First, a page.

Anti-Lock Brake System

The Anti-Lock Brake System (ABS) is designed to aid the driver in maintaining vehicle control under adverse braking conditions. The system operates with a separate computer to modulate hydraulic pressure, to prevent wheel lock-up and help avoid skidding on slippery surfaces.

All vehicle wheels and tires must be the same size and type, and tires must be properly inflated, to produce accurate signals for the computer.

WARNING!
Significant over or under-inflation of tires or mixing sizes of tires or wheels on the vehicle can lead to loss of braking effectiveness.

The ABS conducts a low-speed self-test at about 12 mph (20 km/h). If you have your foot lightly on the brake while this test is occurring, you may feel slight pedal movement. The movement can be more apparent on ice and snow. This is normal.

The ABS pump motor runs during the self-test at 12 mph (20 km/h) and during an ABS stop. The pump motor makes a low humming noise during operation, which is normal.

WARNING!
• Pumping of the Anti-Lock Brakes will diminish their effectiveness and may lead to a collision.

Pumping makes the stopping distance longer. Just press firmly on your brake pedal when you need to slow down or stop.

• The ABS cannot prevent the natural laws of physics from acting on the vehicle, nor can it increase braking or steering efficiency beyond that afforded by the condition of the vehicle brakes and tires or the traction afforded.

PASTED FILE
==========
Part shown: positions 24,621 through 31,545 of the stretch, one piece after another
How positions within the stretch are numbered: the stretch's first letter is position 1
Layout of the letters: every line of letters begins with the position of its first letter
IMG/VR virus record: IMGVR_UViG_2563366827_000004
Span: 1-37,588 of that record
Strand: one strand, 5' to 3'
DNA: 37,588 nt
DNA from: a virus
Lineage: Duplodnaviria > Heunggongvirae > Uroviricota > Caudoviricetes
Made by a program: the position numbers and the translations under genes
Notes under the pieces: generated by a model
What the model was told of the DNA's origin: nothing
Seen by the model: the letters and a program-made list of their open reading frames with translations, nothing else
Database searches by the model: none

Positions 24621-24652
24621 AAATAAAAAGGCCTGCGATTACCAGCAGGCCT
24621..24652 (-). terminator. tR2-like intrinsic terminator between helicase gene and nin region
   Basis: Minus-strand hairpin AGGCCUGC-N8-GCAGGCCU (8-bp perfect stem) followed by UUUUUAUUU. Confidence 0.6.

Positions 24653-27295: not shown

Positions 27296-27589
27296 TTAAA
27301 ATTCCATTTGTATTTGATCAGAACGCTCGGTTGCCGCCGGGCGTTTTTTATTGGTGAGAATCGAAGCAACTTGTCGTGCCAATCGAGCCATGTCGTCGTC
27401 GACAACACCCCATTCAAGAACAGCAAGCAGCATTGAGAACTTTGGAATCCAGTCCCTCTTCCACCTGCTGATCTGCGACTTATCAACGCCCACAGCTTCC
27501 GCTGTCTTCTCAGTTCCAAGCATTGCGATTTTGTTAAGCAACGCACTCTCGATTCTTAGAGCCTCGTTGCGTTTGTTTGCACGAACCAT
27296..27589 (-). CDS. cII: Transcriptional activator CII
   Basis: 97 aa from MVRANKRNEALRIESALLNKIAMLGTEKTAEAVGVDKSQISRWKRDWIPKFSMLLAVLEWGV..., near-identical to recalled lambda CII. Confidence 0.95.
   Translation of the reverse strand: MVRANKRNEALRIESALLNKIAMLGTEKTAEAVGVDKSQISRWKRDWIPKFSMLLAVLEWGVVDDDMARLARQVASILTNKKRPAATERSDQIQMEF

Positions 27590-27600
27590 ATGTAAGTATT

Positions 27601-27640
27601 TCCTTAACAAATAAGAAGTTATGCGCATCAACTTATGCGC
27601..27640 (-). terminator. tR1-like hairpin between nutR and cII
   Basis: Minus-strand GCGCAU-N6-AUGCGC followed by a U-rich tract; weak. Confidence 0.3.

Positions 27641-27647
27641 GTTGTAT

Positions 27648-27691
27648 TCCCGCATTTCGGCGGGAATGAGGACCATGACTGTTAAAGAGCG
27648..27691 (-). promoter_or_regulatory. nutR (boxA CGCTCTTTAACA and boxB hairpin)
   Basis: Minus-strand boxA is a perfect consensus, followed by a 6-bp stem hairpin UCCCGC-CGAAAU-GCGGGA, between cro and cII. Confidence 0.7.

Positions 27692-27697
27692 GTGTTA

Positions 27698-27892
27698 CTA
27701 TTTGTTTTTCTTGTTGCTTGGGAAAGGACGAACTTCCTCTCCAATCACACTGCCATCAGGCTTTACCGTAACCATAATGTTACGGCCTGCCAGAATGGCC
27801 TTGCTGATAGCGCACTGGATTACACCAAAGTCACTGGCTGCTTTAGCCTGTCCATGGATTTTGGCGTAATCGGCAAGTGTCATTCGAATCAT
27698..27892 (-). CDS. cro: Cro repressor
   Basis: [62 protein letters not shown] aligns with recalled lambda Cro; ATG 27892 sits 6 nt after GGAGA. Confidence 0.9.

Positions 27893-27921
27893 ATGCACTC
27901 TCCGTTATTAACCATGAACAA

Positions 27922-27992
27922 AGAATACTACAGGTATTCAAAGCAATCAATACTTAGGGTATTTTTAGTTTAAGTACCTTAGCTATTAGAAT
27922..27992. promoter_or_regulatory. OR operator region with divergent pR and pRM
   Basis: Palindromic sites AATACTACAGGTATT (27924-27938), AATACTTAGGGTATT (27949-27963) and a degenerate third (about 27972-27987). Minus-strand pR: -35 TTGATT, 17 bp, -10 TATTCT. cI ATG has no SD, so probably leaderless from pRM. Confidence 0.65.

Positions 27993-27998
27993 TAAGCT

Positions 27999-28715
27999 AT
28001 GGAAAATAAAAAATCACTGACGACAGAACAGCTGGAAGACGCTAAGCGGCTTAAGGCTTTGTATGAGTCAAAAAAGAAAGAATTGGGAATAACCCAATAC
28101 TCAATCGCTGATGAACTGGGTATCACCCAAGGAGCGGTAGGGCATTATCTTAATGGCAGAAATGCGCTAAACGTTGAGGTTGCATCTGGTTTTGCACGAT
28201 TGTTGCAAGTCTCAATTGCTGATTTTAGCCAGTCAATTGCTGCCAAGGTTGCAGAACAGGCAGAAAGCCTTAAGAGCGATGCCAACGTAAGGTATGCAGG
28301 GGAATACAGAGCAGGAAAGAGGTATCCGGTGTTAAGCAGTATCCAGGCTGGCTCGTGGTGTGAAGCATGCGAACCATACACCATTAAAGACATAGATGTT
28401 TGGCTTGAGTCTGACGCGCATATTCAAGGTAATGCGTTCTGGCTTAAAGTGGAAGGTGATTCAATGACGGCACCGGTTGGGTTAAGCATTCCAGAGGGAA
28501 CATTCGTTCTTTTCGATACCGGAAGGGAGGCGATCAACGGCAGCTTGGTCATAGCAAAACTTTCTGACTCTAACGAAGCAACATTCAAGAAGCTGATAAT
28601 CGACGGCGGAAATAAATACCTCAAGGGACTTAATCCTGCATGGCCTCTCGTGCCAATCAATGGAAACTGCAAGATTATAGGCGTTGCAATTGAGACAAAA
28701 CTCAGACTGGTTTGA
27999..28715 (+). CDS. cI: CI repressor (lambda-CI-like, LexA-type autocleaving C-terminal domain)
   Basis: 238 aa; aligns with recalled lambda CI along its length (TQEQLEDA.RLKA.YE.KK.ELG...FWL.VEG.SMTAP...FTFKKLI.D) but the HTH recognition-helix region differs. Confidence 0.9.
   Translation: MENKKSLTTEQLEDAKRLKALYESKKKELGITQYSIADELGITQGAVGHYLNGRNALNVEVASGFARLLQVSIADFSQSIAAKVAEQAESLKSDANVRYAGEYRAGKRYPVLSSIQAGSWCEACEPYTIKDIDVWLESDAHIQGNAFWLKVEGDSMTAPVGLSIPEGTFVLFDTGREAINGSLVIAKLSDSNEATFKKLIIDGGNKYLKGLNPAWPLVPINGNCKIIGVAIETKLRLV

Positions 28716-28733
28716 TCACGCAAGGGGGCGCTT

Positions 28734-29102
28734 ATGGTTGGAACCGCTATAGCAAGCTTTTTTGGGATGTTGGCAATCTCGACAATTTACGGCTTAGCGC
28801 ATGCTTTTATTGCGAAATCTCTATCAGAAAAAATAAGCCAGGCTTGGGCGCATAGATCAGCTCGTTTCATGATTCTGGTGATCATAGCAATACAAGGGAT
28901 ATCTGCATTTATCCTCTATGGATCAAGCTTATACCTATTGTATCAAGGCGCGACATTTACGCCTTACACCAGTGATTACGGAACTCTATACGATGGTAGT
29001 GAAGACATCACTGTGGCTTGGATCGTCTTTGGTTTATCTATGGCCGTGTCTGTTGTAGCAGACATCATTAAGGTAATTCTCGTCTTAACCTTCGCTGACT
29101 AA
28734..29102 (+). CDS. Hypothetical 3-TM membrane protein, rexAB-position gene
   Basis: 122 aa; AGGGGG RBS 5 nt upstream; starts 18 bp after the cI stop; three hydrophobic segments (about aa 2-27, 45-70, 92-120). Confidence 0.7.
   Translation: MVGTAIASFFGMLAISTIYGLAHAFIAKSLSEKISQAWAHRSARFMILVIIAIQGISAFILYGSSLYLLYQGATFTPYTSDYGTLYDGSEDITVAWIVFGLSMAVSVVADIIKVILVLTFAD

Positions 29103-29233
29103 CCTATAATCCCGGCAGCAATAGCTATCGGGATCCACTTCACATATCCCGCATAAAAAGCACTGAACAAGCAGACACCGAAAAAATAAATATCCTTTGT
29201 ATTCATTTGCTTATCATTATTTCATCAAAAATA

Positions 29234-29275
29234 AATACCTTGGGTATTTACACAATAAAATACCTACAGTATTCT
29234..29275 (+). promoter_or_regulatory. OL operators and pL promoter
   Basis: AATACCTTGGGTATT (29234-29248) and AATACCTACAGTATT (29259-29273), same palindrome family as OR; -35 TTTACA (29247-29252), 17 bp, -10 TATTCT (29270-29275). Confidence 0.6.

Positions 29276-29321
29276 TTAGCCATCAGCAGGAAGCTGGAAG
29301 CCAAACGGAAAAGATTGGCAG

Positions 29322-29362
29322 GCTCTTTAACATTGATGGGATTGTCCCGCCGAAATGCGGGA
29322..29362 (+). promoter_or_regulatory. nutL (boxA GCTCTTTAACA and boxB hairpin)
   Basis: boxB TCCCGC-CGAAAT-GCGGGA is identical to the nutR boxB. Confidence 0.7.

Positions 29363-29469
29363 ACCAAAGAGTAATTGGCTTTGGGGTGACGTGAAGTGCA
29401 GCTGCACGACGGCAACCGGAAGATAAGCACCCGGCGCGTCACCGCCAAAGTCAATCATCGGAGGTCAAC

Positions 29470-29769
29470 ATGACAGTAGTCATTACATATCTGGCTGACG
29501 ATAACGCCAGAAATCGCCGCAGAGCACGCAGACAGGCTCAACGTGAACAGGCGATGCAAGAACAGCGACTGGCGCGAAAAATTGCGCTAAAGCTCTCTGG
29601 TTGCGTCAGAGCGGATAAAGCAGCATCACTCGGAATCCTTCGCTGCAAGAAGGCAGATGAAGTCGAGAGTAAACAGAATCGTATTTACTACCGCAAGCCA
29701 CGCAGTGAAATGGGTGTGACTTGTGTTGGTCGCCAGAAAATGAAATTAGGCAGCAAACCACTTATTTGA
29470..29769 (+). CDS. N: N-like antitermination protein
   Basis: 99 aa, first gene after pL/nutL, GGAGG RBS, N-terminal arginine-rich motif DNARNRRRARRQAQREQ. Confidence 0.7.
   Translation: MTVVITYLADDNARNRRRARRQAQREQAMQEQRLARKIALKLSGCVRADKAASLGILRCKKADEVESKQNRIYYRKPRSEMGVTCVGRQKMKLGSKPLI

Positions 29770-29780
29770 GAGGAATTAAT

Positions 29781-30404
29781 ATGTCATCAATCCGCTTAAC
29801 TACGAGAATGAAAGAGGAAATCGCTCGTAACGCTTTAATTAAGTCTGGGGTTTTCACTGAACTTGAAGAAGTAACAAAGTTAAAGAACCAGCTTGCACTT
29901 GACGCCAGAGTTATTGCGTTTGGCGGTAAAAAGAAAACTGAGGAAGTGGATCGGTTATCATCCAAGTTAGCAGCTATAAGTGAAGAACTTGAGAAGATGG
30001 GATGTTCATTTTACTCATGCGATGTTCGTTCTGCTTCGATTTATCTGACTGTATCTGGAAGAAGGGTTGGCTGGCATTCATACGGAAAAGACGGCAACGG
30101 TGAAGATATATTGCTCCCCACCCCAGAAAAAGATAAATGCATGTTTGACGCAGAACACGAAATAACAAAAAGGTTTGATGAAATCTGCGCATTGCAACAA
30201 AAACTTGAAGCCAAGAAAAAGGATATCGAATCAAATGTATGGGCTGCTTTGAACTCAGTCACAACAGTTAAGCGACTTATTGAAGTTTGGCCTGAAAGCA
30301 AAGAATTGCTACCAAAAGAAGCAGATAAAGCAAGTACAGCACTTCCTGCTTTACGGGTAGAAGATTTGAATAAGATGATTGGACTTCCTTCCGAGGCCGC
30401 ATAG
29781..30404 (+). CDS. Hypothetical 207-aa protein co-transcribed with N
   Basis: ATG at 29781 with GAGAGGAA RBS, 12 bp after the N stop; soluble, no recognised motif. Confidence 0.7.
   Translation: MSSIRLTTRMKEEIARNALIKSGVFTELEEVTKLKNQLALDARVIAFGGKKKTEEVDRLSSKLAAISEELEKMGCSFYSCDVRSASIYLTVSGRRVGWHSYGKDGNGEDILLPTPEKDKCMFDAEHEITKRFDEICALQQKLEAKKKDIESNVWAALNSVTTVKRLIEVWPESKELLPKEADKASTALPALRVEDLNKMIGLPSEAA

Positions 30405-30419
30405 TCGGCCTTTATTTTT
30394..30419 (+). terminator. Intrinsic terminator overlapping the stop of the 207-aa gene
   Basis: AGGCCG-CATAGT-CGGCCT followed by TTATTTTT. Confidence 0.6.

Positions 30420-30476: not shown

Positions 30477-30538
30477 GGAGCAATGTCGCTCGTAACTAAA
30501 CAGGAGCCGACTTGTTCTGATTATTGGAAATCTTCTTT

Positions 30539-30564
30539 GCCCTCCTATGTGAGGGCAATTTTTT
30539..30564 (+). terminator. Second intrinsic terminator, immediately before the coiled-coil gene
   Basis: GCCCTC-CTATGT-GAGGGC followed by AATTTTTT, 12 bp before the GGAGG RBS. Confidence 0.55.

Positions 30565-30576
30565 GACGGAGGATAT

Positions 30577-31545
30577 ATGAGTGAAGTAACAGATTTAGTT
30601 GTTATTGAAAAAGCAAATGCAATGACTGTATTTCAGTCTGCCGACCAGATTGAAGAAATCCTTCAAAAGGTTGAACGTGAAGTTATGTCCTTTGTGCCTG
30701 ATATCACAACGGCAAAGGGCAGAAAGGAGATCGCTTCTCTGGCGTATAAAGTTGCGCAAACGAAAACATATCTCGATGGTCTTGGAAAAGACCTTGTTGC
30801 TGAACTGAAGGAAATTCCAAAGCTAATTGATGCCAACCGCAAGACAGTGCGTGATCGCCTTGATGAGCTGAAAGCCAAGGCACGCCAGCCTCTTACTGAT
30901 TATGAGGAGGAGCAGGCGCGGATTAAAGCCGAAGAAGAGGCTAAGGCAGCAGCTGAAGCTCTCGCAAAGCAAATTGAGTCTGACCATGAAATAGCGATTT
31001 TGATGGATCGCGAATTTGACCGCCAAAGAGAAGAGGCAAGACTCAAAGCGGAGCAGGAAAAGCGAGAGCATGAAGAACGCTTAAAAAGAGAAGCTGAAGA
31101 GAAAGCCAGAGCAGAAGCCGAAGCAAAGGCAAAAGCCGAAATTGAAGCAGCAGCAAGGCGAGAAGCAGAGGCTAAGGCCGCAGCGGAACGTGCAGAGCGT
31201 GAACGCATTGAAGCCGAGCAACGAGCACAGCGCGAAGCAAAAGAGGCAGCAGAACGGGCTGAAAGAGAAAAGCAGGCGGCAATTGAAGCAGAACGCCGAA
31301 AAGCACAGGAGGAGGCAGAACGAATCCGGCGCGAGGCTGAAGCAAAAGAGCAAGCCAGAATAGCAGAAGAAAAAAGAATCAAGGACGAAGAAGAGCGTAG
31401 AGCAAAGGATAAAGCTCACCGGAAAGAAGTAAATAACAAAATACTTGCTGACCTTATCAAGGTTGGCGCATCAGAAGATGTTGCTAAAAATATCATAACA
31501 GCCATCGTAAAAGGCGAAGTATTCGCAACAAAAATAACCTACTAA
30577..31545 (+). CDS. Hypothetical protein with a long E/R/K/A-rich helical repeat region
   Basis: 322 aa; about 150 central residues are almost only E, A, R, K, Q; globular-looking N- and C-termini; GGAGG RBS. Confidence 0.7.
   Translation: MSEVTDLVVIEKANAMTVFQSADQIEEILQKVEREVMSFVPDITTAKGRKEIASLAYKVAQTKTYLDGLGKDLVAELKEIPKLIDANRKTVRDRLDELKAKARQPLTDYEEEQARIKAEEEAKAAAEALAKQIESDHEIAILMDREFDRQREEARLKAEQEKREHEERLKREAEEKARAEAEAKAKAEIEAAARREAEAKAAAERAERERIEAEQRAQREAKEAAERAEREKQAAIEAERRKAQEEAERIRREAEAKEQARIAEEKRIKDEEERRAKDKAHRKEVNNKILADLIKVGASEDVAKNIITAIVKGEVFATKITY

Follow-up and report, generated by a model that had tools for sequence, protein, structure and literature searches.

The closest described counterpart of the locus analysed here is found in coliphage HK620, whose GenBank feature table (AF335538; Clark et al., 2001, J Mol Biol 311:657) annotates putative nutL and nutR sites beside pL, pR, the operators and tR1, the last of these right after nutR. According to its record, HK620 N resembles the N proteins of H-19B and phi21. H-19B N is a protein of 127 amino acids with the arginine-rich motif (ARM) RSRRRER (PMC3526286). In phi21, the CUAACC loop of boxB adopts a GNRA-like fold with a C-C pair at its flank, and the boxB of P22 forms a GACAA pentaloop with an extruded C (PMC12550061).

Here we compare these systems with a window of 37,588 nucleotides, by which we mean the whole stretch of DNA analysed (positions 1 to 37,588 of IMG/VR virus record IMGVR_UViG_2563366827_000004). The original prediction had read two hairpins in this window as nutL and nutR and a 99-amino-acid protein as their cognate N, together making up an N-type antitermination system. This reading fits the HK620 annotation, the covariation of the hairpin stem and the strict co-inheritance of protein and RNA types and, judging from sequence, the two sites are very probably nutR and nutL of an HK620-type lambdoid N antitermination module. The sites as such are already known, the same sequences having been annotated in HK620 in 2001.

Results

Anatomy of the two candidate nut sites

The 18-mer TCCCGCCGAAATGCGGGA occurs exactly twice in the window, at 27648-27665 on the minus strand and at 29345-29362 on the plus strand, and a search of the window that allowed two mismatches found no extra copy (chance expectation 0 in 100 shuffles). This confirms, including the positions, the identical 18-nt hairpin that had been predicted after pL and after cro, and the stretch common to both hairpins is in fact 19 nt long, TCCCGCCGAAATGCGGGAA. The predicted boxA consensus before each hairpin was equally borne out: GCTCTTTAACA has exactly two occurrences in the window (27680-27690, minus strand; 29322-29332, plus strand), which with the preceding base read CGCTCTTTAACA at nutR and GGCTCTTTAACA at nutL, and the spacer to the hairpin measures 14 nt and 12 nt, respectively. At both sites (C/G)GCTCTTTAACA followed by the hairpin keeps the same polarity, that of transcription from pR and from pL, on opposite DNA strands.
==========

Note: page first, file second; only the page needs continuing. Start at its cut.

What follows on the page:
• The ABS cannot prevent collisions, including those resulting from excessive speed in turns, following another vehicle too closely, or hydroplaning.

• The capabilities of an ABS equipped vehicle must never be exploited in a reckless or dangerous manner, which could jeopardize the user’s safety or the safety of others.

CAUTION!
The ABS is subject to possible detrimental effects of electronic interference caused by improperly installed aftermarket radios or telephones.

NOTE: During severe braking conditions, a pulsing sensation may occur and a clicking noise will be heard.

This is normal, indicating that the ABS is functioning.

• Do not “ride” the brakes by resting your foot on the pedal. This could overheat the brakes and result in unpredictable braking action, longer stopping distances, or brake damage.

• When descending mountains or hills, repeated braking can cause brake fade with loss of braking control.

Avoid repeated heavy braking by downshifting the transmission or locking out overdrive whenever possible.

• Engines may idle at higher speeds during warm-up, which could cause rear wheels to spin and result in loss of vehicle control. Be especially careful while driving on slippery roads, in close-quarter maneuvering, parking, or stopping.

• Do not drive too fast for road conditions, especially when roads are wet or slushy. A wedge of water can build up between the tire tread and the road. This hydroplaning action can cause loss of traction, braking ability, and control.

• After going through deep water or a car wash, brakes may become wet, resulting in decreased performance and unpredictable braking action. Dry the brakes by gentle, intermittent pedal action while driving at very slow speeds.

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